This includes without limitation all relevant ESI (including but not limited to e-mail), banking records, Word documents, spreadsheets, PDFs, reports, articles, books, memos, letters, calendar entries, handwritten notes, text messages, chats, phone messages, phone logs, audio recordings, or any other type of document or communication, final or draft, in either written or electronic format.

"ESI" in the above stands for "electronically stored information." The letter also asks for details of "any and all payments made by Mr. Cohen or Essential Consultants, LLC to Ms. Clifford, including but not limited to documents that would show the means by which the funds were transferred and/or the payments were made."

So why does Buzzfeed argue this is relevant to their own case? Well, because Cohen's lawsuit against Buzzfeed argues that Buzzfeed defamed him by implying that he had some role in possible Russian connections with the Trump campaign -- and Buzzfeed argues that cash payments Cohen was making to someone to silence them around the campaign is directly relevant to the questions at play in the lawsuit:

In his Complaint... Mr. Cohen asserts a claim for defamation based on an article published by Defendant BuzzFeed in January 2017 entitled "These Reports Allege Trump Has Deep Ties to Russia".... The Article contained an embedded document file containing a 35-page colleciton of memoranda that primarily discuss Russian efforts to influence the 2016 U.S. Presidential election, including alleged ties between Russia and President Trump's campaign... The memoranda in the Dossier contain certain references to Mr. Cohen that Mr. Cohen alleges falsely imply that he played a role in facilitating Russian interference in the election...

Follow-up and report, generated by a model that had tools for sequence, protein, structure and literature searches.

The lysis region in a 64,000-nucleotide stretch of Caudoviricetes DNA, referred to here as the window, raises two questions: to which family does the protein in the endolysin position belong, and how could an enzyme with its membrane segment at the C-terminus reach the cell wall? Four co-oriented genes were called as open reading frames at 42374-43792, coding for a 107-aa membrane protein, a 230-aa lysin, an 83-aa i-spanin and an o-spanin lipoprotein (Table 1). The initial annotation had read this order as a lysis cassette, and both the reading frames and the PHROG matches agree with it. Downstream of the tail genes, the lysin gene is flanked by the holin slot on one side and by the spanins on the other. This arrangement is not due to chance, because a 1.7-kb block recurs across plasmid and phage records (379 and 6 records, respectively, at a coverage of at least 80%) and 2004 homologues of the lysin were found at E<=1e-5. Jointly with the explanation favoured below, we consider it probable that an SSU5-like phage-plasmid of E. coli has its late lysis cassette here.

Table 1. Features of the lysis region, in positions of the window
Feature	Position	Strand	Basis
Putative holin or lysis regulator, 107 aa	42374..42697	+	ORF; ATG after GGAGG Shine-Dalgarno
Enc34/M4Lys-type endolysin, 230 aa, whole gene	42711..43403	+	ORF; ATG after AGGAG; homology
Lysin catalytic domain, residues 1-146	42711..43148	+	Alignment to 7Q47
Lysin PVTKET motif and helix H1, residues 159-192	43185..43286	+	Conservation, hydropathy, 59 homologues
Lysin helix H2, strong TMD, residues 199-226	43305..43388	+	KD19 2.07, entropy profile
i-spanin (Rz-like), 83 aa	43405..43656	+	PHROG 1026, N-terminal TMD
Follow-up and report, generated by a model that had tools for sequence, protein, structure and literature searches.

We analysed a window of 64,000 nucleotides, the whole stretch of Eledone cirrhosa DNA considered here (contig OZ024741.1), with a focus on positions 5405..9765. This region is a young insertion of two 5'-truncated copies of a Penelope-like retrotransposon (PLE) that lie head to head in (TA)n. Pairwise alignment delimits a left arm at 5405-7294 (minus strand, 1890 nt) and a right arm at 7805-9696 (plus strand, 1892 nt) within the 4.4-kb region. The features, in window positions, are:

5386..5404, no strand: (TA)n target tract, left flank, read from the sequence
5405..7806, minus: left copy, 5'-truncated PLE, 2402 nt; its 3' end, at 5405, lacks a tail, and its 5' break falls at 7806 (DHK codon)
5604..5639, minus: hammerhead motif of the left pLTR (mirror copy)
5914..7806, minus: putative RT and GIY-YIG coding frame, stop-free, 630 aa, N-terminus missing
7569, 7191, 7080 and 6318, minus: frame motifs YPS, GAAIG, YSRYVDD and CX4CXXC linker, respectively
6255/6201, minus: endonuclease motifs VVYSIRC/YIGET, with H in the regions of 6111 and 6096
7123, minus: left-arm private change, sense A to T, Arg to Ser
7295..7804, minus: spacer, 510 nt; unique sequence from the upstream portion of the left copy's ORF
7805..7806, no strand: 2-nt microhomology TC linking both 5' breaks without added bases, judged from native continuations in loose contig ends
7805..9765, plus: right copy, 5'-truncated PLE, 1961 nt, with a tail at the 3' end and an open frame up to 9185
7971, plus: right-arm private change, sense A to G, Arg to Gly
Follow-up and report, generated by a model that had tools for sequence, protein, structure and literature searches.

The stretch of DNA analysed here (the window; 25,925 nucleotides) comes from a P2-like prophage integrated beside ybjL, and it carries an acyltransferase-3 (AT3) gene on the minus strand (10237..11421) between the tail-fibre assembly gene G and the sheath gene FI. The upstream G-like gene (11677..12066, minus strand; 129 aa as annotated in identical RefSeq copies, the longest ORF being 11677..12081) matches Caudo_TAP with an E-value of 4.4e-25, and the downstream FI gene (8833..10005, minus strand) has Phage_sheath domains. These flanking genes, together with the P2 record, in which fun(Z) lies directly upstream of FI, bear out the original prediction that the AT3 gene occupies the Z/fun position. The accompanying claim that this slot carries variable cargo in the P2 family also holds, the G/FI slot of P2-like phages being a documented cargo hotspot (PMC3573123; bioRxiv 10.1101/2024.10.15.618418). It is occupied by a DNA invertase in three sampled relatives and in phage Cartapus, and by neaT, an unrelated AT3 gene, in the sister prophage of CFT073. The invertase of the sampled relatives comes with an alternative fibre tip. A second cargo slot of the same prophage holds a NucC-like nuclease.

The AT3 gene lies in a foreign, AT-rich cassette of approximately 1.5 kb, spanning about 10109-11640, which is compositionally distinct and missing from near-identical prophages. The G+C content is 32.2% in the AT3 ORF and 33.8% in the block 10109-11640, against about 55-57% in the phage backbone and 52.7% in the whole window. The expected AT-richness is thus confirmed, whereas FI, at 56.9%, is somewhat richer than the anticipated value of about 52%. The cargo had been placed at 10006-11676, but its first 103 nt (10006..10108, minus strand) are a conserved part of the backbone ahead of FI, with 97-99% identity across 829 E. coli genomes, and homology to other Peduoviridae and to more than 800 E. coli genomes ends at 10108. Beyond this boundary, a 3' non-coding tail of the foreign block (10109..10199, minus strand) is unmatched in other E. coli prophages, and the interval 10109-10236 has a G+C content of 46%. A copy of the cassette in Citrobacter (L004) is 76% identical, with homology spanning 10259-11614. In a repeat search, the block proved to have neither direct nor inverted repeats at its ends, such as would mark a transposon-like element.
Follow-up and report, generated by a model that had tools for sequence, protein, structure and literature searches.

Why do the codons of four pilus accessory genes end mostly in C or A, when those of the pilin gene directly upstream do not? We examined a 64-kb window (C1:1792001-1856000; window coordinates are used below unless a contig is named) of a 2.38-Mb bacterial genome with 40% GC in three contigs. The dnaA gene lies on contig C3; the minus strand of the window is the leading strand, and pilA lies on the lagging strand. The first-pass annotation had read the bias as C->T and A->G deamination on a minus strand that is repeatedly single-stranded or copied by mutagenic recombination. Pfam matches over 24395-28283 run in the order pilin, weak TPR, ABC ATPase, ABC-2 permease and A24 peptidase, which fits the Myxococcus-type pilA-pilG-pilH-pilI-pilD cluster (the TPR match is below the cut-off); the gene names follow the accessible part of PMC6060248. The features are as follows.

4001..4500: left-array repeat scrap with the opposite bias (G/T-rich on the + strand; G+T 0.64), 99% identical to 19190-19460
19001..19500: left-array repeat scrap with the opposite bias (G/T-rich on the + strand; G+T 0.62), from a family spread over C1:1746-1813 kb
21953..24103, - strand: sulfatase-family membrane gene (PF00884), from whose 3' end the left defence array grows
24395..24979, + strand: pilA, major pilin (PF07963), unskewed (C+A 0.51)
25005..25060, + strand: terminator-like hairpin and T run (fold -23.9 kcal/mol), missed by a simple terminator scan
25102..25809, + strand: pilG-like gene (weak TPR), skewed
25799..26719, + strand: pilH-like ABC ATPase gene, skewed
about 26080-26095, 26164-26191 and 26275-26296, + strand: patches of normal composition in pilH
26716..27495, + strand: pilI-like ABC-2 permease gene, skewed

Mr. Cohen's role in President Trump's 2016 campaign, including but not limited to any payments he made or facilitated to third parties during or in connection with the campaign, is therefore directly relevant to the Action.

Who knows if this move will actually work, but if it does, that would be quite an incredible "own goal" by Cohen in which his own silly lawsuit unravels the other legal mess that he's been trying to keep under wraps. This is the kind of plot twist most novelists can only dream about (or reject for sounding to implausible to be real)...

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Posted on Techdirt - 15 March 2018 @ 9:38am

As Trump Nominates Torture Boss To Head CIA, Congresswoman Suggests It's Sympathizing With Terrorists To Question Her Appointment

from the say-what-now? dept

Update: Late this evening ProPublica retracted and corrected a story from last year, saying that Haspel was in charge of the Thai CIA prison site while Zubaydah was tortured. That does suggest that some of the accusations against Haspel actually should be blamed on her predecessor. As the correction notes, she did not arrive to run the base until October of 2002, after Zubaydah's torture had concluded. However the report quotes the NY Times saying that she did still oversee the torture of Abd al-Rahim al-Nashiri and that she was still involved in the destruction of the video tapes of the torture sessions -- both of which should be disqualifying from the job.